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Is Your Child A Mouth Breather?

Updated: May 13

Learn how mouth breathing can be contributing to a myriad of health issues among children

Ed Harrold Effects Of Mouth Breathing In Children

As more research becomes available, we're learning how mouth breathing negatively affects both adults and children.

In children, the harmful effects of mouth breathing are far greater, since it is during these formative years that breathing mode helps to shape the orofacial structures and airways along with physiologic health.⁠

With regards to our physiologic health, mouth breathing can now be tied to a host of health issues. In this post, we're going to focus on sleeplessness that's the result of the mouth breathing. And, how it's often mis-diagnosed as ADHD.⁠

The National Sleep Foundation reports, "Children and adults behave differently as a result of sleepiness. Adults usually become sluggish when tired while children tend to overcompensate and speed up. For this reason, sleep deprivation is sometimes confused with ADHD in children. Children may also be moody, emotionally explosive, and/or aggressive as a result of sleepiness. In a study involving 2,463 children aged 6-15, children with sleep problems were more likely to be inattentive, hyperactive, impulsive, and display oppositional behaviors. ⁠"

What's reported in children with ADHD?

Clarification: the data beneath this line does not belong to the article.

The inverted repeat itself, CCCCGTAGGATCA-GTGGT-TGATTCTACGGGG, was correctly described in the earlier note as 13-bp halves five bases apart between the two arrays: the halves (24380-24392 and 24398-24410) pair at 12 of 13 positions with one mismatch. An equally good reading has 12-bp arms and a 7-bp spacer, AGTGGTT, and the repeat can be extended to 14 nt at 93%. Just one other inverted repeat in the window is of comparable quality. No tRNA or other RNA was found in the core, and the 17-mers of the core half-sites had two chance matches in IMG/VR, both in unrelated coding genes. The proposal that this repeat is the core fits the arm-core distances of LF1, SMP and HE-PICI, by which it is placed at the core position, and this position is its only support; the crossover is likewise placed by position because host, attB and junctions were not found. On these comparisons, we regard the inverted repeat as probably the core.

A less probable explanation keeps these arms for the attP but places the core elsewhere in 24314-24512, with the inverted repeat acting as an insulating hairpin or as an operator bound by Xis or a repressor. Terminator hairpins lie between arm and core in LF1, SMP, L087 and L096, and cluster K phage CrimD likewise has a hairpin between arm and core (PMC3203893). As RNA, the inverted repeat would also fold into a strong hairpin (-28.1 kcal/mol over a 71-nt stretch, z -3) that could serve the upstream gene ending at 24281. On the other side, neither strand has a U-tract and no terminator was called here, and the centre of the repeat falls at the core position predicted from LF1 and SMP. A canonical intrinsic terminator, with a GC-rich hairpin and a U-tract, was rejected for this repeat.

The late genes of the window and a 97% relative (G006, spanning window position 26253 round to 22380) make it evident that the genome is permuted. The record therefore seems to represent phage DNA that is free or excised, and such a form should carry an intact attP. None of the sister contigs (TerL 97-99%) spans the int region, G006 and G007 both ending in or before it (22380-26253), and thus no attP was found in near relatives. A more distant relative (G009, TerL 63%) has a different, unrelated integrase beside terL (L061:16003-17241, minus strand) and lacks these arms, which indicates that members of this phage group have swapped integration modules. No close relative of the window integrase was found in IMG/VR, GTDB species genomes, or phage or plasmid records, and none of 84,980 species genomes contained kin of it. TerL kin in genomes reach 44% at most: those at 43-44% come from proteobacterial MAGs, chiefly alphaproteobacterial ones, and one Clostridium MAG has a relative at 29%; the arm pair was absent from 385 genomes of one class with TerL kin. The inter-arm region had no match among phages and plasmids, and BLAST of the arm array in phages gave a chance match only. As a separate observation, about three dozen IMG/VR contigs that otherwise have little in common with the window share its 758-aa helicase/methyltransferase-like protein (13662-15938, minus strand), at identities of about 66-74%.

• Working memory – can’t remember what you told them to do

  • Flexible thinking – the ability to think of things in different ways

  • Managing emotions – moody

  • Self-regulation – explosive outbursts

  • Organization and planning – trouble getting school work finished

Looks pretty similar to the symptoms of sleep deprivation in children.

According to the CDC, "Millions of US children have been diagnosed with ADHD"

The estimated number of children ever diagnosed with ADHD, according to a national 2016 parent survey is 6.1 million (9.4%). This number includes:

  • 388,000 children aged 2–5 years

  • 2.4 million children aged 6–11 years

  • 3.3 million children aged 12–17 years

Boys are more likely to be diagnosed with ADHD than girls (12.9% compared to 5.6%).

And, these numbers have been growing steadily with 4.4MM in 2003, 5.4MM in 2007 and 6.4MM in 2011.

There are other physiological issues coming to the foreground with our youth as it relates to over-breathing and/or dysfunctional breathing. I am always about root cause. Let's work on moving these children from a mouth breather to a nasal breather and watch how much improves with their health and well-being.

Learn More In Our Life With Breath Expert Series with Dr. Kevin Boyd. On May 19th, we discuss "Optimizing Nose Breathing In PreSchool Age Children". Event Details To Be Announced. Sign up HERE

Here are 2 research papers you can check out:⁠

1) “ADHD and Sleep.” ADHD & Sleep Problems-National Sleep Foundation. National Sleep Foundation, 2017. Web. 11 Feb.2017.



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